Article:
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Simple Thoughts on Hard Forks

- Januari 03, 2020
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Simple Thoughts on Hard Forks

By David Paul

1/  Simple thoughts on hard forks: there's an obvious tradeoff between innovation and stability.  "no hard forks ever" is an amazing schelling point.

2/ when I was first diving deep into bitcoin in 2014-2015, I (mistakenly) thought it should embrace forking to upgrade and avoid obsolescence.  Evolve or die.  By 2016 though, I realized that Bitcoin occupies a unique competitive spot, and fell firmly into the "no HF" camp.

3/ Bitcoin (the layer 1 protocol) can't compete on innovation.  Changes to layer 1 would be like trying to upgrade a car into an airplane.  But it can win on stability.  And that desired innovation can come from layer 2s.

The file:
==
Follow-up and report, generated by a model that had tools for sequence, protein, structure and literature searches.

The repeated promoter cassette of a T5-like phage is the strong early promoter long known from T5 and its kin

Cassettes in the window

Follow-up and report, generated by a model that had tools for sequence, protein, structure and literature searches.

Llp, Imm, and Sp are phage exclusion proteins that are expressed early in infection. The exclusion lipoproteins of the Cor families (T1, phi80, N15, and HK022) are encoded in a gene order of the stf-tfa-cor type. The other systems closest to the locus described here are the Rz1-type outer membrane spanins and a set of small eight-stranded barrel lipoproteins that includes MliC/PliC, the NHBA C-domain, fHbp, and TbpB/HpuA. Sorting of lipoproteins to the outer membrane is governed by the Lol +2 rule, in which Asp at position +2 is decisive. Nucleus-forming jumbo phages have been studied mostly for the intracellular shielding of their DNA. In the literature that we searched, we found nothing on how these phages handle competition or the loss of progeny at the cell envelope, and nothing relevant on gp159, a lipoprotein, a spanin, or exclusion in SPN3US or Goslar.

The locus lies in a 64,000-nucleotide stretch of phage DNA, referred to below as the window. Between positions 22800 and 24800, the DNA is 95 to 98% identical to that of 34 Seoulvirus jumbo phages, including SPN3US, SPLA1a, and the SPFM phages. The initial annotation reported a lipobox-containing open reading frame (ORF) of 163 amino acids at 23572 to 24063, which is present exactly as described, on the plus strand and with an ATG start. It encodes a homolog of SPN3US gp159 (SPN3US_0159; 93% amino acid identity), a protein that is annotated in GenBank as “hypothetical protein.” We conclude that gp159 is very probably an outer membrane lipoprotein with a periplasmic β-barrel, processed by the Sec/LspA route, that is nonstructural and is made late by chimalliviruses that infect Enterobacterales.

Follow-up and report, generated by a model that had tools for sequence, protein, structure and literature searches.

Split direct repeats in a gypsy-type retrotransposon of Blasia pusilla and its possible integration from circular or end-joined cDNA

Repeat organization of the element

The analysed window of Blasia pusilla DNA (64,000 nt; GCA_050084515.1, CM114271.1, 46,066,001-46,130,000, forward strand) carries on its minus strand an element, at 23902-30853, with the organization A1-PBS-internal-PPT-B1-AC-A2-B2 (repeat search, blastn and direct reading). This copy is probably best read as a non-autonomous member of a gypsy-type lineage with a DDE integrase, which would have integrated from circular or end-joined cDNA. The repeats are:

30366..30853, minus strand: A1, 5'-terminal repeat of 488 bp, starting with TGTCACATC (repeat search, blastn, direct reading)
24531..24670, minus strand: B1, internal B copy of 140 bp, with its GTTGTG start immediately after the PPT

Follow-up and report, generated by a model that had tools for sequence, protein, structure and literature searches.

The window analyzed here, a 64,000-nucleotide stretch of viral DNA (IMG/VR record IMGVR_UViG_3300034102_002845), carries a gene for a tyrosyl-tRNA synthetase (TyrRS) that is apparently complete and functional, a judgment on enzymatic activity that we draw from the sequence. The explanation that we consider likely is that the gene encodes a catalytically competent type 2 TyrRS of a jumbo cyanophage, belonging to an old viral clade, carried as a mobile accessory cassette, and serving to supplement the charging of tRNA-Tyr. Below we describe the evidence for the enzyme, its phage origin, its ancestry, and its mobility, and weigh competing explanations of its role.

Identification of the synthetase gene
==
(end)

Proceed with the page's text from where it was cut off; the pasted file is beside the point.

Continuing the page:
4/ newer protocols occupy a very different competitive spot.  A new protocol can't compete on stability (in the HF sense), it has to compete on features.  Especially while small and immature, they should iterate aggressively.

5/ this is the same dynamic we see in almost every industry in business.  There are giant incumbents that compete on trust and stability, and new upstarts that compete on features.  Often the upstarts coexist with the incumbents by offering different value propositions.

6/ ideally, projects should innovate as aggressively as possible while as small as possible (in terms of monetary value and other projects or use cases relying on them).  This isn't easy however, since

7/ you can't build a fully formed advanced consumer product in a laboratory.  It almost always requires live testing with real users and real risk.  For example, the real tests of security can't come until there's money at stake.
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